• Classroom Group Discussion

    English Courses at Hamline University

    ENG 1100 - English for International Students

    Goals: As preparation for ENG 1110 the course will help international students develop the writing skills necessary for college-level course work.

    Content: Focus on writing and rewriting with an emphasis on the particular needs of non-native speakers of English.

    Taught: Annually.

    Credits: 4 credits

    ENG 1110 - Writing and Reading Texts

    Goals: To develop critical writing, reading, and thinking skills needed in academic courses in order to achieve greater effectiveness and analysis in writing. To understand the dynamic relationship between language and culture and to begin to explore how one is shaped by language and shapes the world through language.

    Content: Critically reading a variety of literary, nonliterary, and visual texts and developing research skills for providing cultural, social, political, and historical contexts. Frequent writing and rewriting in a variety of genres, at least one of which includes research strategies and incorporation of sources. Focus on the elements of successful written communication, including invention, purpose, audience, organization, grammar, and conventions.

    Taught: Annually.

    Prerequisites: None. Required of all first-year students. Open to others with permission of the department. ENG 1110 does not apply to the English major but instead counts toward a student’s breadth of study.

    Credits: 4 credits

    ENG 1210 - British Literatures to 1789

    Goals: To survey British literature to 1789 in its cultural and intellectual contexts.

    Content: Selected works by such authors as Geoffrey Chaucer, Margery Kempe, Edmund Spenser, William Shakespeare, John Donne, John Milton, Andrew Marvell, and Jonathan Swift.

    Taught: Annually.

    Prerequisite: ENG 1110 or its equivalent, or concurrent registration.

    Credits: 4 credits

    ENG 1220 - British Literatures after 1789

    Goals: To survey British literature after 1789 in its cultural and intellectual contexts.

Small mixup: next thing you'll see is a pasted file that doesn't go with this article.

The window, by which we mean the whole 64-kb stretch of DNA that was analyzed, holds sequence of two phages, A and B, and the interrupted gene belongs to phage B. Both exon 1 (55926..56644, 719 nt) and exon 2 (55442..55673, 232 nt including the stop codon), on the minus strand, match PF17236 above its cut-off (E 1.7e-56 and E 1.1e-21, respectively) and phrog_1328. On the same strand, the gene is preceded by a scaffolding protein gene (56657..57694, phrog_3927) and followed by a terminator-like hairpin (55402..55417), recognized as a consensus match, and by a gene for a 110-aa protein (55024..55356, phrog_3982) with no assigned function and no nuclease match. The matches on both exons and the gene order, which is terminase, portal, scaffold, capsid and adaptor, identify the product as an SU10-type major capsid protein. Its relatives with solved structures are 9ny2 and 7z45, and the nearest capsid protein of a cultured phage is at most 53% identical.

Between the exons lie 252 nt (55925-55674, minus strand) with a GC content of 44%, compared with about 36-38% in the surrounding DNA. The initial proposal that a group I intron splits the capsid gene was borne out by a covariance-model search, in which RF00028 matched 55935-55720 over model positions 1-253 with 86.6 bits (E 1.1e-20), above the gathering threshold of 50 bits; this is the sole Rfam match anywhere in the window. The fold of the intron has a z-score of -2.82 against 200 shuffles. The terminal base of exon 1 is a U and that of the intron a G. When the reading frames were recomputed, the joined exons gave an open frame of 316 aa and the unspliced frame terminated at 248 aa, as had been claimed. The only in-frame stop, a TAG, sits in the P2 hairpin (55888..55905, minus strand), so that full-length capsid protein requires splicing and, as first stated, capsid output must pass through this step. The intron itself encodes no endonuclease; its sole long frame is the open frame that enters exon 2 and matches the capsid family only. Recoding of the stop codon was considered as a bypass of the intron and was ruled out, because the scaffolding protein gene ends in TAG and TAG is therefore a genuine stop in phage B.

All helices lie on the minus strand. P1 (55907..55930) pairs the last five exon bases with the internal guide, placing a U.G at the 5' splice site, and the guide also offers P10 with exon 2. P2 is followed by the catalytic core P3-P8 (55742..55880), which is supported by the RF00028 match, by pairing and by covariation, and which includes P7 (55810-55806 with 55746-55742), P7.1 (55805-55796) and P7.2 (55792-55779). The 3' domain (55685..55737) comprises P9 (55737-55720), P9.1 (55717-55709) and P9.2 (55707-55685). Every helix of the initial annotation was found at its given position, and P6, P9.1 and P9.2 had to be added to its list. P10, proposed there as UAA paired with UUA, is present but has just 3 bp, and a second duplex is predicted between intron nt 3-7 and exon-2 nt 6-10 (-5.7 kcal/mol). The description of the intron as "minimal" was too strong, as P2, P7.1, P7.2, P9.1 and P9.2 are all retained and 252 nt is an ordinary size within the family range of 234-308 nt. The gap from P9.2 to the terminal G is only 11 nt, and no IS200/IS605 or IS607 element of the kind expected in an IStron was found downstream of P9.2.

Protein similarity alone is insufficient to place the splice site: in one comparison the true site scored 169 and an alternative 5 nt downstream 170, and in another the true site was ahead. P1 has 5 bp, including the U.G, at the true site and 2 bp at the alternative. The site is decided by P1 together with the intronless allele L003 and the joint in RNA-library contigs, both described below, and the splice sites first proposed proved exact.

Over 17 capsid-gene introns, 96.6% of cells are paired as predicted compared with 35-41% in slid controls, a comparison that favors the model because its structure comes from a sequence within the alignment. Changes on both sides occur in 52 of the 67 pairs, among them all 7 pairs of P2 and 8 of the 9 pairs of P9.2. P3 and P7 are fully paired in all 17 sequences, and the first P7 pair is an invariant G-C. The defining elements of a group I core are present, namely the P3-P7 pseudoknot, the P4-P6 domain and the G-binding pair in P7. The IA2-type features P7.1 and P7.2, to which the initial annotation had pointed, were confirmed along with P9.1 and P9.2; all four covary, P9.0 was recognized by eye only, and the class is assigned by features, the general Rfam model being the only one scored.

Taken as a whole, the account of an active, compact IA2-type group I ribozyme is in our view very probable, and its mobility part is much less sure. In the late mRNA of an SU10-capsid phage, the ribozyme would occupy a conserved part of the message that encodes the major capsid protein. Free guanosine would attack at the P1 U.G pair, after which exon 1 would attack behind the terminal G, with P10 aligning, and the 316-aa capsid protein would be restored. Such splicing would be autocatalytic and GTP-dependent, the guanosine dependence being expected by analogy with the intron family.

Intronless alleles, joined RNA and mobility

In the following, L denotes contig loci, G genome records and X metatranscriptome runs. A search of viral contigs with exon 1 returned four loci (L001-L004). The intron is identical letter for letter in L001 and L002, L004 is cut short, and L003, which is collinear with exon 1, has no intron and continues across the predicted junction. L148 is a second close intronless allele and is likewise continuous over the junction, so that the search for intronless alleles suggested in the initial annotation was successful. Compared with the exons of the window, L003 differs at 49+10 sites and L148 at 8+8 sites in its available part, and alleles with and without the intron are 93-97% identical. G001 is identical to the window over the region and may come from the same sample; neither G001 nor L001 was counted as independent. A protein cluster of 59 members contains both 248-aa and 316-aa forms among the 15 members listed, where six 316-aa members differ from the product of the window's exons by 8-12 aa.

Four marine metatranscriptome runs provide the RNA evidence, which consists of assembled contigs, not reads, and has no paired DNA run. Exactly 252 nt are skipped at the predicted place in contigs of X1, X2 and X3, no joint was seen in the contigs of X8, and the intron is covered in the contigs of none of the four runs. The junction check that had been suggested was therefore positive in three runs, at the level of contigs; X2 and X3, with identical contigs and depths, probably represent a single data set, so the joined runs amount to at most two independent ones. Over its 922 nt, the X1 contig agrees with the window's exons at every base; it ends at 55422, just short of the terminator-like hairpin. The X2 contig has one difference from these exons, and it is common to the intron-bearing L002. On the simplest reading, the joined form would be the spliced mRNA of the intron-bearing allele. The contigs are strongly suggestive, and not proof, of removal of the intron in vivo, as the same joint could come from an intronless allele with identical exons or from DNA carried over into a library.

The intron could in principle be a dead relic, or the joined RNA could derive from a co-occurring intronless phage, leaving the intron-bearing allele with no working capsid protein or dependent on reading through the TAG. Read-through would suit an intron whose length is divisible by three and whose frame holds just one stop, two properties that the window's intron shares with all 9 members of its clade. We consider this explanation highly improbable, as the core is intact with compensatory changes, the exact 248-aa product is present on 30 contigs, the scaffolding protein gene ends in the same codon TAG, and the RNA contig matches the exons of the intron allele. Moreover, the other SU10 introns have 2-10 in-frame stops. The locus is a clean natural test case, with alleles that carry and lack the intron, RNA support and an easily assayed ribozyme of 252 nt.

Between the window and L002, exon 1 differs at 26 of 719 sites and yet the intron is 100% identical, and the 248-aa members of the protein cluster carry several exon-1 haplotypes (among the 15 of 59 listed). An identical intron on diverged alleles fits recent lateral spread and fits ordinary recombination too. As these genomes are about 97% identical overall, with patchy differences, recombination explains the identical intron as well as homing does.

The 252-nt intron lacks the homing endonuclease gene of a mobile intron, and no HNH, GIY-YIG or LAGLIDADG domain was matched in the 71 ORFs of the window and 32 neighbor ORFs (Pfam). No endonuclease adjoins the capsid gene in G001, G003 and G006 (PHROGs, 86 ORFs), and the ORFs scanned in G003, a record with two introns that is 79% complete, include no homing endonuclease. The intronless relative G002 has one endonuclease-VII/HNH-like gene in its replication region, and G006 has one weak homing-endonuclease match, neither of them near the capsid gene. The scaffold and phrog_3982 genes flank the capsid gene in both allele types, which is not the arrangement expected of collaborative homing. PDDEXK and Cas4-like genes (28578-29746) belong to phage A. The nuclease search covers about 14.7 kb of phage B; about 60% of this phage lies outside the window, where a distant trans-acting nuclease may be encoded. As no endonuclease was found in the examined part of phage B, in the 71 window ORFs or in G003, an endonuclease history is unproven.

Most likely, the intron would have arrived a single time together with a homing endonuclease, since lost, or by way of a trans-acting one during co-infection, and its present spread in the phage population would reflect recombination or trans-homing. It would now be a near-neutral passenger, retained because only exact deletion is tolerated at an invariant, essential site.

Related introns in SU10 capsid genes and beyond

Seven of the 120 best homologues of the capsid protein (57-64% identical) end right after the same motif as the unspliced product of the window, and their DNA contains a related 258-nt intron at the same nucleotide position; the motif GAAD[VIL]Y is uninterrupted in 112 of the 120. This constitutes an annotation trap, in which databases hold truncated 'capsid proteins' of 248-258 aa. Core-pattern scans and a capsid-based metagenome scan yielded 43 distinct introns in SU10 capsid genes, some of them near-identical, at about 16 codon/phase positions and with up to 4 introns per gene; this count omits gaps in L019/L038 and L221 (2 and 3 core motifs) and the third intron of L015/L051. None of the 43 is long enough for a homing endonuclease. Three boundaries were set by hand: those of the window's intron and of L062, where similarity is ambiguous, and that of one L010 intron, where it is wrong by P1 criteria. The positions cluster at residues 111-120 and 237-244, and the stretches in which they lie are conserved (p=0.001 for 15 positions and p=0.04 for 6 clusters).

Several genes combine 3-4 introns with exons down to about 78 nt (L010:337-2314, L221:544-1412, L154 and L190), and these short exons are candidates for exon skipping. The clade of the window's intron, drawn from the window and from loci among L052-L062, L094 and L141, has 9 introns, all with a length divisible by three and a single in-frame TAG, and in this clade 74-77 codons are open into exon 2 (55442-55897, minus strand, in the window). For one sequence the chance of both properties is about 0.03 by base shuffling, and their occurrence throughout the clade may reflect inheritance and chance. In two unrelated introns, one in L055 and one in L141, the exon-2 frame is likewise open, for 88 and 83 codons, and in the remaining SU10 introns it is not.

Content: Selected works by authors such as Mary Wollstonecraft, William Wordsworth, Jane Austen, Robert Browning, Oscar Wilde, Virginia Woolf, and Tom Stoppard.

    Taught: Annually.

    Prerequisite: ENG 1110 or its equivalent, or concurrent registration.

    Credits: 4 credits

    ENG 1230 - American Literatures to 1860

    Goals: To survey American literature to 1860 in its cultural and intellectual contexts.

    Content: Literary forms such as sermon, oral narrative, autobiography, journals, essays, poetry, and fiction. Possible authors and texts: Native American poetry and tales, Cabeza de Vaca, Mary Rowlandson, Sor Juana, Benjamin Franklin, William Apess, Ralph Waldo Emerson, Nathaniel Hawthorne, Edgar Allan Poe, Frederick Douglass, Emily Dickinson, and Walt Whitman.

    Taught: Annually.

    Prerequisite: ENG 1110 or its equivalent, or concurrent registration.

    Credits: 4 credits

    ENG 1240 - American Literatures after 1860 

    Goals: To survey American literature from about 1860 to the present in its cultural and intellectual contexts.

    Content: Literary forms such as the novel, poetry, and drama that develop themes such as the rise of the city, changing social and personal values, industrialism, and individual alienation. Possible authors: Mark Twain, Kate Chopin, Langston Hughes, William Faulkner, Adrienne Rich, Gwendolyn Brooks, and Maxine Hong Kingston.

    Taught: Annually.

    Prerequisite: ENG 1110 or its equivalent, or concurrent registration.

    Credits: 4 credits

    ENG 1250 - World Literatures

    Goals: To survey literatures of the world in their cultural and intellectual contexts.

    Content: Selections and emphasis will vary from semester to semester. Students will gain understanding of literary forms such as the novel, drama, poetry, and essay in different cultural contexts. Typical topics for discussion may include the cross-cultural comparison of forms, colonial and postcolonial experiences, and the effects of globalization.

    Taught: Annually.

    Prerequisite: ENG 1110 or its equivalent, or concurrent registration.

    Credits: 4 credits

    ENG 1270 - African-American Literatures

    Goals: To survey African-American literary tradition as influenced by oral and written forms of expression. To heighten the student’s awareness of the particularity of African-American cultural expression as well as its connections with mainstream American writing.

    Content: Selections of texts may vary from semester to semester. Typically, the course will survey prose, poetry, and drama from the 18th to the 20th centuries. Selected works by such authors as Phillis Wheatley, David Walker, Frederick Douglass, Frances Harper, Paul Laurence Dunbar, Booker T. Washington, W.E.B. Du Bois, James Weldon Johnson, Claude McKay, Langston Hughes, Zora Neale Hurston, Jean Toomer, Sterling Brown, Richard Wright, James Baldwin, Toni Morrison, Lorraine Hansberry, and Alice Childress.

    Taught: Annually.

    Prerequisite: ENG 1110 or its equivalent, or concurrent registration.

    Credits: 4 credits

    ENG 1800 - Introduction to Professional Writing and Rhetoric

    Goals: To have students understand fundamental principles of rhetorical theory and how they can be applied - analytically, ethically, and/or persuasively - in a variety of organizational frameworks and in the production of common genres of professional communication, including memos and reports, job letters, policy documents, and public relations.